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3. The third design of this institution we shall mention, is the spiritual nourishment, and growth in grace of the followers of the Lord Jesus. The object of this ordinance is not to make the first communication of grace, by which the subject is regenerated, and made a new creature in Christ Jesus, although a sovereign God may occasionally employ it for that purpose. The sacrament of the supper presupposes the existence of grace in those who partake; and that they have examined themselves, and discovered comfortable evidence, that they are already in the faith:* And accordingly it only aims at giving additional vigour to spiritual life, previously imparted; and additional evidence and consolation to those who have before tasted that God is gracious.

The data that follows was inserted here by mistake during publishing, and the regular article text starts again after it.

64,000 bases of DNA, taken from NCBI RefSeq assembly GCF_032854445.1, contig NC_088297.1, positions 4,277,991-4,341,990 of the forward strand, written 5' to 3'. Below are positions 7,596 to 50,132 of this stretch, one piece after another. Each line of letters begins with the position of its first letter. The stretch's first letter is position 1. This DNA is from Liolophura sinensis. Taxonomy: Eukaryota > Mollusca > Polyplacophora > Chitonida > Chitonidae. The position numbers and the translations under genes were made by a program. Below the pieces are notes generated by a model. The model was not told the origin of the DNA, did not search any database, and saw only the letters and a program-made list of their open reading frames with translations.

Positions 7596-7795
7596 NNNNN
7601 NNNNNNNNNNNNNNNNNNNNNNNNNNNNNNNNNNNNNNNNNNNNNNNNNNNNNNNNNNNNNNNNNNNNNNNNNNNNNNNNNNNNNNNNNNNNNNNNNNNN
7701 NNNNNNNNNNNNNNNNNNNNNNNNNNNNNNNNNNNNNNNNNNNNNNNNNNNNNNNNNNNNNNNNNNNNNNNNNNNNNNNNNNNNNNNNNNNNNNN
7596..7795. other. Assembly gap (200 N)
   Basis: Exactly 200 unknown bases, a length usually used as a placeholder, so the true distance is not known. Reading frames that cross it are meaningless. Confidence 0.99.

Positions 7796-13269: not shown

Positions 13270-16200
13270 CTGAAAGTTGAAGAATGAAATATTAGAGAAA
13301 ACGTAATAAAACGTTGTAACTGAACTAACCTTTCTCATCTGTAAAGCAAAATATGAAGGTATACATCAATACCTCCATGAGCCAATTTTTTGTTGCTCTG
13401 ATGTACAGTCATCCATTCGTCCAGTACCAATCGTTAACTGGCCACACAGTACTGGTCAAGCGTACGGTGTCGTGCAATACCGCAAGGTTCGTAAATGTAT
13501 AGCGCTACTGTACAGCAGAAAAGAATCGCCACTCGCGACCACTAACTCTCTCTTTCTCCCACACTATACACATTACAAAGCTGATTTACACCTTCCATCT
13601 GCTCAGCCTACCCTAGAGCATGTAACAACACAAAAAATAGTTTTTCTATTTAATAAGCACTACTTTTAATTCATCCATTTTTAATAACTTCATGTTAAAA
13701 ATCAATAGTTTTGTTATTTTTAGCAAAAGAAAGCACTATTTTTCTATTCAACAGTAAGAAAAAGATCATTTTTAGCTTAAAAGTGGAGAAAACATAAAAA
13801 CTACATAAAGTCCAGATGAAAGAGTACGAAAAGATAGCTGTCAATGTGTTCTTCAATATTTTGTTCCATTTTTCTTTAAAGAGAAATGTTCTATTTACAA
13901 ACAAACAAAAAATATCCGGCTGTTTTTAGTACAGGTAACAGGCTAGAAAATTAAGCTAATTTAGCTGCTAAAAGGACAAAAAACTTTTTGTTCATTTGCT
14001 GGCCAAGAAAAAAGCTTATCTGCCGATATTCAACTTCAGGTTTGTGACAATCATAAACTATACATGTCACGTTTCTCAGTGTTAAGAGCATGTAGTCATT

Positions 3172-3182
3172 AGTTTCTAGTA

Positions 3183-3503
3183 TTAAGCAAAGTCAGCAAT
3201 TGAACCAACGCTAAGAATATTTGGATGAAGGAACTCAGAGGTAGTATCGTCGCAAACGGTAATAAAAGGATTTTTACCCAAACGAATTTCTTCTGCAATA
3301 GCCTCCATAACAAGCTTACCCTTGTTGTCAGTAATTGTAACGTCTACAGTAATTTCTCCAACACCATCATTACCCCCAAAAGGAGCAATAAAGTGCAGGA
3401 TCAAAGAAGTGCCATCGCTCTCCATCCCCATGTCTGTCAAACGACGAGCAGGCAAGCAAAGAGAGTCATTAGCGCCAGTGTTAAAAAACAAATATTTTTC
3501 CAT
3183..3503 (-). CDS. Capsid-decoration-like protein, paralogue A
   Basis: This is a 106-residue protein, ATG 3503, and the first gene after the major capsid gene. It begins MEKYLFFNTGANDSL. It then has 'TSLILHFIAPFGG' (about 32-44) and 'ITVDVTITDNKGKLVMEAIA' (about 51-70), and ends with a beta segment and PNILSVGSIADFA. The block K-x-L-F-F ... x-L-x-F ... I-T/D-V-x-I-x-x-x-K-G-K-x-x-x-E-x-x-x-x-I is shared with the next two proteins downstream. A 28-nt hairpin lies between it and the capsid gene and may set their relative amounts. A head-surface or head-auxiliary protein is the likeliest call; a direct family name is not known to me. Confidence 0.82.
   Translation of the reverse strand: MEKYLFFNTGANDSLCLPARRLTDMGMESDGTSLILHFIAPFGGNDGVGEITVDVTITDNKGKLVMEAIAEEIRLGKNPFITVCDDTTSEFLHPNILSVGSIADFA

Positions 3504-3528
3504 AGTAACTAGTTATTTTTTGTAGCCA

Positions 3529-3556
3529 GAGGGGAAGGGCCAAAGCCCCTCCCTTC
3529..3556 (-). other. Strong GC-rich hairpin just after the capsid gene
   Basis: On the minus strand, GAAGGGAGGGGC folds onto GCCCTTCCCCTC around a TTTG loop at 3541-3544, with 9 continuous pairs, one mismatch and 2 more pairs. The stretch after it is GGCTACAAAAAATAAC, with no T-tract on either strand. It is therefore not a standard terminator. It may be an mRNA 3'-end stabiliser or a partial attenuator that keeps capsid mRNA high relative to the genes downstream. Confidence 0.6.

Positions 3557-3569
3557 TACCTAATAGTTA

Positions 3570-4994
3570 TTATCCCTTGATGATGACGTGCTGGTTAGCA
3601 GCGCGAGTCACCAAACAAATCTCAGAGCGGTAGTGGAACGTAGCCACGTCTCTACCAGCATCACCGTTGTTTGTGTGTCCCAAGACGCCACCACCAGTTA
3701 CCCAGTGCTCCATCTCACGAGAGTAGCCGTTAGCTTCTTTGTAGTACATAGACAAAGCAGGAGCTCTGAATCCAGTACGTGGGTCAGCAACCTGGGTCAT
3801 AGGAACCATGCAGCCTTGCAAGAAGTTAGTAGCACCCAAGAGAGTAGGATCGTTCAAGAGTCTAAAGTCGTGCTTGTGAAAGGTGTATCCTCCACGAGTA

The remark of Witsius is excellent: "The supper seals to us the conservation and nourishment, the strength, and increase of spiritual life, which flow from Christ. As by the use of bread and wine he, who communicates, experiences his bodily strength renewed; so, at the same time, it is intimated to the believing soul, that he shall not want that grace of Christ, which giveth power to the faint, and to them that have no might increaseth strength."
The experience of many will support the assertion, that the believer is often sensibly refreshed and comforted at the Redeemer's table: Fed as with marrow and fatness; and strengthened with strength
*2 Cor. xiii. 5.
+ Vol. iii. p. 444.
+ Isa. xl. 29.
in the inner man: His graces are brought into livelier exercise. Faith is increased-hope is confirmed-love is ardent-joy is "unspeakable, and full of glory."